He Cannot Change Her [poetry]

She clothes herself in her past transgressions
And she likes how she looks in them
Their style
Their color
Their length

But he would strip her naked of her past
Just to dress her like a doll he likes
But he’s not her
He can’t change her—
No

She dresses herself in everything he hates
Although she’s really everything he loves
Her sex
Her world
Her life

But he would strip her naked of her religion
Just to dress her like the Christ he wears
But he’s not her
He cannot change her—
No

Lavender [poetry]

She likes how she looks in lavender
No deep yellows to energize his permanence for her
No hot pink except inside
No rich purple royal sainthood
Or the vibrant green envy and jealousy he loves
No riotous reds to make him want to strip off her dress
No

No stark raving vehemence ready to explode from someone really intense inside
None of his wolf eyes disguised in wonderment
No raging fingers coursing the river of her hair
No rapids of lustful desire
Or the acid tongue and blade-like words he dominates with
No
No no

She likes how she looks wearing lavender today
Wrapped in a romance without him

Ice [poetry]

Night in the city has a strange sound
The way roof ice speaks before it melts
Pools down
Rushes gutters
Raises the river’s rage below me

Melted ice flows over my boot tops
Down interwoven streets with city signs that claim they take us to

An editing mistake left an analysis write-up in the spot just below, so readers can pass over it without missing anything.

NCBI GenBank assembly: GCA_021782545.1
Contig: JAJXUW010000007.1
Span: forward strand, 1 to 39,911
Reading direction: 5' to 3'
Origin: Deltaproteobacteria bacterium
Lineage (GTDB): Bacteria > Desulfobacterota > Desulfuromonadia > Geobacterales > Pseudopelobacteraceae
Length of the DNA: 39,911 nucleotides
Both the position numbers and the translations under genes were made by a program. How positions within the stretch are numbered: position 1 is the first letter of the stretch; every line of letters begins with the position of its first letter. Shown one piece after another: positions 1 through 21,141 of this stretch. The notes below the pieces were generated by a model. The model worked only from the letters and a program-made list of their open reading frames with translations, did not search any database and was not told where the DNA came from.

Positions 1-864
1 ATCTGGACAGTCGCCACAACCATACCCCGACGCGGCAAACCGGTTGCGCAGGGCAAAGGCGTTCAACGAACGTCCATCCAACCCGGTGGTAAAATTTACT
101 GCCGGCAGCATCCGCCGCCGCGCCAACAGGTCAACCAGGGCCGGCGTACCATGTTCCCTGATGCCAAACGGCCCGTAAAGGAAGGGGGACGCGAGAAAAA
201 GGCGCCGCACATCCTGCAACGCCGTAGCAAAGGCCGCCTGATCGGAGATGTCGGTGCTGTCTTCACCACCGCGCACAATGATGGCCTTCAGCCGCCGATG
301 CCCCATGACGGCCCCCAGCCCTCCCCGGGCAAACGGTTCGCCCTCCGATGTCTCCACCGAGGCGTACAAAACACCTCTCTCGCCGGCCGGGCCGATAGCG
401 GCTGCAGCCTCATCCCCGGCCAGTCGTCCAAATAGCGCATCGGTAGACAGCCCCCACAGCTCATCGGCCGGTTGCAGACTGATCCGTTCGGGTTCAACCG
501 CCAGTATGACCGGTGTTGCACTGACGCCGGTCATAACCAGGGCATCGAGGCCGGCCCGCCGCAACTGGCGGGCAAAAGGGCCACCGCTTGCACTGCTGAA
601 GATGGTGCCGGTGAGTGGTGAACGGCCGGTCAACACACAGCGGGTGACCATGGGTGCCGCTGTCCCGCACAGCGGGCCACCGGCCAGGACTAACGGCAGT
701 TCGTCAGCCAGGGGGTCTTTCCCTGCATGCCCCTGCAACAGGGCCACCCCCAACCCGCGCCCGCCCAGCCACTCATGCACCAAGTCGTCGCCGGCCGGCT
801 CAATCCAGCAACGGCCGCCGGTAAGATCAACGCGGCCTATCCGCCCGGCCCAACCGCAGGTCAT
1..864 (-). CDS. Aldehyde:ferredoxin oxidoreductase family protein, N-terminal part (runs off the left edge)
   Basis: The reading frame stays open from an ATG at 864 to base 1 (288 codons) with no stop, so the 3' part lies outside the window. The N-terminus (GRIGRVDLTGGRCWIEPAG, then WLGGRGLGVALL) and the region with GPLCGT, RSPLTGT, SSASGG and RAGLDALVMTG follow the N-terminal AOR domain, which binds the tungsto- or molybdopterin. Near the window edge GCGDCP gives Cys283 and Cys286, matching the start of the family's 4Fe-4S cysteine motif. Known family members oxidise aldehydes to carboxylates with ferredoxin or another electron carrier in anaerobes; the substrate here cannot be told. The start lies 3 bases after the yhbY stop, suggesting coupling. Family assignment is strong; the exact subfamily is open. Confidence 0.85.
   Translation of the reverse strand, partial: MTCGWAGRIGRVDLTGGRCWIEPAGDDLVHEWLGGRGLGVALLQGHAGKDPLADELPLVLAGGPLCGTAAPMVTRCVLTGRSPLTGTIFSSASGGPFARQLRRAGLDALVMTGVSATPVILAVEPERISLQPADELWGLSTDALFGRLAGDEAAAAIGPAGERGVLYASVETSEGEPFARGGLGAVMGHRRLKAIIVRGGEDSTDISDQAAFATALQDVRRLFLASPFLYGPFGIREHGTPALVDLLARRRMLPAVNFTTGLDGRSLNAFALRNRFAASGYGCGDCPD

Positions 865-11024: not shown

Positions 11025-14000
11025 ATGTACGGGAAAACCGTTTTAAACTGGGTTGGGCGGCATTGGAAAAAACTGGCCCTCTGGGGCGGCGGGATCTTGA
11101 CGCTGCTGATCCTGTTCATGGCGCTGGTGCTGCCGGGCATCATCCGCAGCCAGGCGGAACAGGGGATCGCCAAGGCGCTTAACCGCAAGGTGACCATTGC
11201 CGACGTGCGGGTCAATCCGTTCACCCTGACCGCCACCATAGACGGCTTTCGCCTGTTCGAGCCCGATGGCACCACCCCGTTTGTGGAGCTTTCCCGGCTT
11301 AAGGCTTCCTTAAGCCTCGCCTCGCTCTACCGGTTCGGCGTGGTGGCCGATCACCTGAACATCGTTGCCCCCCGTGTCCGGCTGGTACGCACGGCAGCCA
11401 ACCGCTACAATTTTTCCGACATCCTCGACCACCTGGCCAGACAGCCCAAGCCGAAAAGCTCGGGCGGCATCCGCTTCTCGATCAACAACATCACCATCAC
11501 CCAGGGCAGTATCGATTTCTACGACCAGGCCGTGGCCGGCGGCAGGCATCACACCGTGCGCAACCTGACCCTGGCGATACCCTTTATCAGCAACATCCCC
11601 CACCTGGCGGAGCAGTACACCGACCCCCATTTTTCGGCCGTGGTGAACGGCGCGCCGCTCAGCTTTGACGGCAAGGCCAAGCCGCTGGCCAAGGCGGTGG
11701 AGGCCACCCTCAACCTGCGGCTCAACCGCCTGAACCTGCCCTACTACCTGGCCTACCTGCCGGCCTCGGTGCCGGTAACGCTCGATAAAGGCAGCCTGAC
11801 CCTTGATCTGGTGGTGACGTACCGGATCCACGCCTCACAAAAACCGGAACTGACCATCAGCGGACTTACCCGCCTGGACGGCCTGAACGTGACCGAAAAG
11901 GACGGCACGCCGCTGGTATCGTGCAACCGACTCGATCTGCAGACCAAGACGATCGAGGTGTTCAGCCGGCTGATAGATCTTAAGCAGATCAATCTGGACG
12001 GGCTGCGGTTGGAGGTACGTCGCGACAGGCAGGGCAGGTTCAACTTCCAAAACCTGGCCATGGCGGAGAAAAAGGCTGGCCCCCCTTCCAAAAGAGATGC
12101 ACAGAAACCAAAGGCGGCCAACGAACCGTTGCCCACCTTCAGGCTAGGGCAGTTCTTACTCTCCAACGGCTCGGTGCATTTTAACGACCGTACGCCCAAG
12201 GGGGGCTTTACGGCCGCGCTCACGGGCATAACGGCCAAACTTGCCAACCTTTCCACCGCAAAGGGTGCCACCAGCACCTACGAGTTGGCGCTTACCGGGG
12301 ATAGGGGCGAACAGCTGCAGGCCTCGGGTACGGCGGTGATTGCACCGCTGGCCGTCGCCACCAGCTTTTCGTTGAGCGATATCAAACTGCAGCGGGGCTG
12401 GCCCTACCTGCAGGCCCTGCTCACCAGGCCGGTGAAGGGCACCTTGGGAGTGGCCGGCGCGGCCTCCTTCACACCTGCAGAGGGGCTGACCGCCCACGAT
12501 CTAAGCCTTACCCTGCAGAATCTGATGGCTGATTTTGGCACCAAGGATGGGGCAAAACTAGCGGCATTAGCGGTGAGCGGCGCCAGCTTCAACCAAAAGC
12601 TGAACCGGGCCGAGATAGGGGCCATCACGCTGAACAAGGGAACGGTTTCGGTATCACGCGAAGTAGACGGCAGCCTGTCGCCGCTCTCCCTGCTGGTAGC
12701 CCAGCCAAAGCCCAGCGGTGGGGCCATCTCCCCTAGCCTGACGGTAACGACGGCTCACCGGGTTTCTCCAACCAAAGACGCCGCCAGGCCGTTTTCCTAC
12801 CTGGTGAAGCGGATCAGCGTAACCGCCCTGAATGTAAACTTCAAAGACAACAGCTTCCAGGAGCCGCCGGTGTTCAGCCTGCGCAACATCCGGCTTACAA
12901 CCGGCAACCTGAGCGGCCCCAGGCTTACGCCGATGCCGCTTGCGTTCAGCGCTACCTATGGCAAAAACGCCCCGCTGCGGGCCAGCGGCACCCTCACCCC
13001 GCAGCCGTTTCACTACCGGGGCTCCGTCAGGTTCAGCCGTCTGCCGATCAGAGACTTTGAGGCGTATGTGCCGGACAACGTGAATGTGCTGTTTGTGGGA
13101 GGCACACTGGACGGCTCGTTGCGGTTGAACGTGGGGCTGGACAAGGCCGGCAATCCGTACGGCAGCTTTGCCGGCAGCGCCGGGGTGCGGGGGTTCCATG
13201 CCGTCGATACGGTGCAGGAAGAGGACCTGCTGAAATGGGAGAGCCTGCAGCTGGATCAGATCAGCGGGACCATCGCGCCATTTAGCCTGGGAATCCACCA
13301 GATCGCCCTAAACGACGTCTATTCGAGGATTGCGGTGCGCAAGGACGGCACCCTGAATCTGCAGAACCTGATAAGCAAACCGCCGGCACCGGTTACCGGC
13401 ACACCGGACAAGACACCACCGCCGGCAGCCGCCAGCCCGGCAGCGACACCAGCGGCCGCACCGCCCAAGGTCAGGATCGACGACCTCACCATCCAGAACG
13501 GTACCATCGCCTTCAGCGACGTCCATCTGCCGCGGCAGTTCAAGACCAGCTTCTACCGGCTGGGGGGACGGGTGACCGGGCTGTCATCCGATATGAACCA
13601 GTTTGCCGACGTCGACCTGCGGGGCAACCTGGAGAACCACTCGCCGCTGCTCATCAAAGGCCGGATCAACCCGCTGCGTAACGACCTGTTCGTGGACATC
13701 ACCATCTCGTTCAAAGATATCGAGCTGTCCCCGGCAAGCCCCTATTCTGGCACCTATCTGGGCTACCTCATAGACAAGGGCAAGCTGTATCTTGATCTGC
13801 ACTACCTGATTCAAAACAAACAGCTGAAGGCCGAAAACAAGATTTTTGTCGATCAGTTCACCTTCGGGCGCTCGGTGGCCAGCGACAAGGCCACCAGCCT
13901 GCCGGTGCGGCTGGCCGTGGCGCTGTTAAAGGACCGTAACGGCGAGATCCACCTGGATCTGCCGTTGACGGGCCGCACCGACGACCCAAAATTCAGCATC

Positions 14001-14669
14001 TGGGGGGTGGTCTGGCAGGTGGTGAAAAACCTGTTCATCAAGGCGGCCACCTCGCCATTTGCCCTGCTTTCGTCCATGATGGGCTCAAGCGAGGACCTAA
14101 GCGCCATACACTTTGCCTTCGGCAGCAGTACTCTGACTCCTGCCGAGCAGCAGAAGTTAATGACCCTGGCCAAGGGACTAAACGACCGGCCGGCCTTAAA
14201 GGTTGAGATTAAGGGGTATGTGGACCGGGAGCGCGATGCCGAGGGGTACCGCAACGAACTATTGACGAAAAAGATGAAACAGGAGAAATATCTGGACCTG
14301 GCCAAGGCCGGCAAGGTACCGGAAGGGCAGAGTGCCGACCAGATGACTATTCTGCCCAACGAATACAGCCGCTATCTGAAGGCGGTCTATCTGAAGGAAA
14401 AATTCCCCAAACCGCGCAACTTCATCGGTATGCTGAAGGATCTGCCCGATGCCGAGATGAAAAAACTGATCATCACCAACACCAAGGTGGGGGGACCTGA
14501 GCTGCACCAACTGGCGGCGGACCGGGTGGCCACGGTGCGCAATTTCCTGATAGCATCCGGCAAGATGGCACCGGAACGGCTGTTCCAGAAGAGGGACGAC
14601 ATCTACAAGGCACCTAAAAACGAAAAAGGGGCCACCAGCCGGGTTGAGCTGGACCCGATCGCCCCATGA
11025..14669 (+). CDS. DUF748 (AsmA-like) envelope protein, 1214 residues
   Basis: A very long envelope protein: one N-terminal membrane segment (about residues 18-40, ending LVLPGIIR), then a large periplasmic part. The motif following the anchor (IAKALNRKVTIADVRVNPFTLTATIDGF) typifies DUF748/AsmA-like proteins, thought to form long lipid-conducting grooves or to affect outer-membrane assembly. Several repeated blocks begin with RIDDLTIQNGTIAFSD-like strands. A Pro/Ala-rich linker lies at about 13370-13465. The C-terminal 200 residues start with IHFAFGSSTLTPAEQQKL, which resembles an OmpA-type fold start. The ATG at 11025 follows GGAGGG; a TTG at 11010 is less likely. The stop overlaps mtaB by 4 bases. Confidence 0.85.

Homes
Schools
Businesses
Somewhere
Anywhere
Everywhere that is nowhere to you at night
When you choose to sit and go nowhere
Except to lean closer to the flickering light that distracts your notions

Your diversion’s surround-sound voices tell you how to think
They muffle the important sounds outside your curtained windows
Of me
Of us
Of melted ice
Slipping down interwoven roads to nowhere but the future and our plight

Journal [fiction]

Sarah started up a journal again. Not a diary; not those odd books she kept during puberty when life was full of mysteries, marvels, and angst almost every day. This was going to be a journal of perceptions. She liked the word annotations, so she titled her book Annotations On Life. (Perceptions Of a Wonderer was her second choice … a playful use of words.)

Parts of her book would be filled with observations. Some of them superficial, of course, because time at her bank job did not allow her to dig deep. Other parts of her journal would be collections of thoughts and life lessons. She could barely wait to grow old so she could read her story.

She wondered if she would have children someday. A child, at least, to share her book with, a legacy to live on when her life’s story had reached its end.